Bullet-point presentations currently circulating among members of the Senate Finance Committee offer a snapshot of the options and alternatives being considered for the Committee's reform bill which is slated for markup in mid-July, although this timing may shift.

Consumer Cooperatives

In sharp contrast to the bill language introduced in the House and by the Senate Health, Education, Labor and Pensions Committee, the Finance Committee presentations indicate a preference for consumer cooperatives over a public plan. Under the cooperatives proposal, applicants would be required to meet the standard for nonprofit, participating mutual insurers. Federal seed money in the form of grants for risk capitalization used to meet solvency requirements and loans for initial planning and operating costs (which would have to be repaid) would be made available to start-up cooperatives throughout the country. An advisory board would make recommendations to the Secretary who would have the final authority to approve the business plans and the distribution of federal funds.

Insurance Market Reforms

Insurance market reforms include state-based "self-sustaining" insurance Exchanges for facilitating the purchase of insurance coverage, guarantee issue including no health status rating or pre-existing provisions, and an adjusted community rate. Everyone would be required to have health coverage. The penalty for noncompliance would be based "on a percentage of the average cost of the lowest cost option available." Individuals and families up to 300 percent of federal poverty level (FPL) could receive tax credits to help offset the cost of private insurance premiums.

Benefit Option Categories

Benefit options would fall into four categories: Bronze, Silver, Gold and Platinum with the minimum creditable coverage for "platinum" coverage slated at 90 percent of an individual's estimated expenses; for "gold" 81 percent; "silver" 73 percent; and "bronze" 65 percent.

Mandating Employer Coverage

One option being proposed would not require employers to provide insurance coverage to workers. Instead, companies receiving a tax credit in the insurance Exchange or those with Medicaid-covered workers would be required to help finance coverage for these workers. Another provision would prohibit workers from leaving employer-sponsored coverage and opting into the insurance Exchange unless the coverage offered was determined to be unaffordable (defined as exceeding 12.5 percent of income), addressing crowd-out concerns. New and small businesses offering health coverage though the insurance Exchange would be eligible for a temporary tax credit and tax incentives for initiating wellness programs in the workplace.

Taxing Employer-Sponsored Coverage

Various options are proposed for limiting allowable tax-free health benefits which the reform plan defines as including supplemental health plans (e.g., vision, dental), flexible spending account (FSA) and health savings account (HSA) contributions. Alternatives discussed include taxing benefits on annual incomes in excess of $100,000 for individuals and $200,000 for families and taxing the value of benefit coverage above $6,182 to $7,420 for individuals and $15,700 to $18,840 for families. Tying the federal tax to income is projected to garner $161.9 billion in savings over ten years. Capping the amount of insurance coverage subject to the tax would generate savings of $418 billion over the same period.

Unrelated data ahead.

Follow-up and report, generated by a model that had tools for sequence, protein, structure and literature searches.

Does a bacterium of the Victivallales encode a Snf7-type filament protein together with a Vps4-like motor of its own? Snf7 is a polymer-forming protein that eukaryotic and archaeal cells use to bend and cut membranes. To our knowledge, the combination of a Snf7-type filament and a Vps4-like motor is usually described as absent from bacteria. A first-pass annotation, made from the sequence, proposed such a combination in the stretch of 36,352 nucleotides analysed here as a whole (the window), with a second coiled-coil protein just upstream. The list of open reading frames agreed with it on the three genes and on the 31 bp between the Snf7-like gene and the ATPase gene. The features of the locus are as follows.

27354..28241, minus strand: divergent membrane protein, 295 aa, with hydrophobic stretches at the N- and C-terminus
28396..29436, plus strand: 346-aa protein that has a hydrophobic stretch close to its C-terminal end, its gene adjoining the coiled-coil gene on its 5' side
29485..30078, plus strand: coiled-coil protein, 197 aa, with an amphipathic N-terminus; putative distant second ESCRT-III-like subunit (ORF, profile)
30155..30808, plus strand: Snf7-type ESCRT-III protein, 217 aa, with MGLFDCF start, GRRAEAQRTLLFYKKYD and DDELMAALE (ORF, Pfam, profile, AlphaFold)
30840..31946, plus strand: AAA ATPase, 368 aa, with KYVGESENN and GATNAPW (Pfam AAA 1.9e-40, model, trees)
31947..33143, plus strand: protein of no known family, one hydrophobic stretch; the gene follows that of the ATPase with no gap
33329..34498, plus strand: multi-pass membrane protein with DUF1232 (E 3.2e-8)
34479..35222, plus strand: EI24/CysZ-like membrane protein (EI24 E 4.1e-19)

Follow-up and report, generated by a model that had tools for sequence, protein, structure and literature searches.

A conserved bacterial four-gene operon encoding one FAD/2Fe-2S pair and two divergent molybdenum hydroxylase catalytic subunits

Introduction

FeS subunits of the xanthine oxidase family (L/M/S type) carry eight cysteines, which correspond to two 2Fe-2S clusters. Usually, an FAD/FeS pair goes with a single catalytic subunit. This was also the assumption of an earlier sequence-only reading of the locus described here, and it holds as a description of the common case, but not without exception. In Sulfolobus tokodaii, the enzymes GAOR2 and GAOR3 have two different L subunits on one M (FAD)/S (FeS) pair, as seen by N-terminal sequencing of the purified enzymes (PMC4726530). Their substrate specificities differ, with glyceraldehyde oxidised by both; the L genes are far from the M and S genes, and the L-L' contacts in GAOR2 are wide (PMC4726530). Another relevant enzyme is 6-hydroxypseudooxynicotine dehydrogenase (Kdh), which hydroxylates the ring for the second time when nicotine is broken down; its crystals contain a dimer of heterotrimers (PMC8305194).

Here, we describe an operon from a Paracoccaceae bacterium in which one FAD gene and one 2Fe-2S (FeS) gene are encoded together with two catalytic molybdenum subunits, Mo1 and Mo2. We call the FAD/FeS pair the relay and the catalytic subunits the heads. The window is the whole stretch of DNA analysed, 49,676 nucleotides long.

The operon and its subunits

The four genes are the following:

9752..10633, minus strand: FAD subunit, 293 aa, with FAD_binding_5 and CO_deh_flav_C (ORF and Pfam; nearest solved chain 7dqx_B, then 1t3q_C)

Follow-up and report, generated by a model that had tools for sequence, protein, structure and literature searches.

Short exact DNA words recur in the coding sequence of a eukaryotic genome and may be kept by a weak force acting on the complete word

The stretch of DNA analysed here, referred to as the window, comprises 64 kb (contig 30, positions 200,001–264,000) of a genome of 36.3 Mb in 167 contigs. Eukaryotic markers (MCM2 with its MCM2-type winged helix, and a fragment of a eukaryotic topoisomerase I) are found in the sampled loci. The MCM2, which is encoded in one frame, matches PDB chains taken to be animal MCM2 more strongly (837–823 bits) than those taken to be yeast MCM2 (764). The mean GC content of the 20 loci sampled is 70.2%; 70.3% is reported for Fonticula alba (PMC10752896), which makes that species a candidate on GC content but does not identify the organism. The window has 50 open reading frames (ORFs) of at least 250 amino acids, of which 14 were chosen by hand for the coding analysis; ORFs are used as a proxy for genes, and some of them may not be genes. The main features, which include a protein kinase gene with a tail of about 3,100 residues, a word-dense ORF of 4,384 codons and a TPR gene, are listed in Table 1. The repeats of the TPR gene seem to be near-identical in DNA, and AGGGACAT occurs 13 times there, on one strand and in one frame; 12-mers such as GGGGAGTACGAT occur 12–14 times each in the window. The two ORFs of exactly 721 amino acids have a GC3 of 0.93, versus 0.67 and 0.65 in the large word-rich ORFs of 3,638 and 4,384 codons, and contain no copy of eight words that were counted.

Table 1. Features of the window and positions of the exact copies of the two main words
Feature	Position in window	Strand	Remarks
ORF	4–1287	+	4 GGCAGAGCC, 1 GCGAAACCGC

Medicaid Expansion Populations

Medicaid eligibility for children and pregnant women would be 133 percent of the FPL, and 100 percent FPL for parents and childless adults, phased in over three years. The states would receive a temporary increase in federal funding over five years for expansion populations. Other Medicaid provisions include a one percent increase in the federal match for states that cover preventative services and an option for developing medical homes and improving care coordination and transitional care for chronically ill enrollees.

Medicare Sustainability Trigger

Congress would establish a mechanism through which Medicare payment policy could be adjusted automatically over the long run. Under the process outlined by the Senate Finance Committee, a target would be set for Medicare spending "that ensures continued sustainability and bends the Medicare cost curve (e.g., 1.5 percent reduction from projected growth rate.)" If that target is not met, an automatic mechanism would be triggered to achieve those spending reductions. Every other year, the Medicare Payment Advisory Commission (MedPAC) would make recommendations to Congress for policy-driven approaches to achieve those reductions, and Congress would consider these policies based on an up or down vote. If Congress enacts the MedPAC recommendations, any savings achieved would count toward the overall spending reduction goal.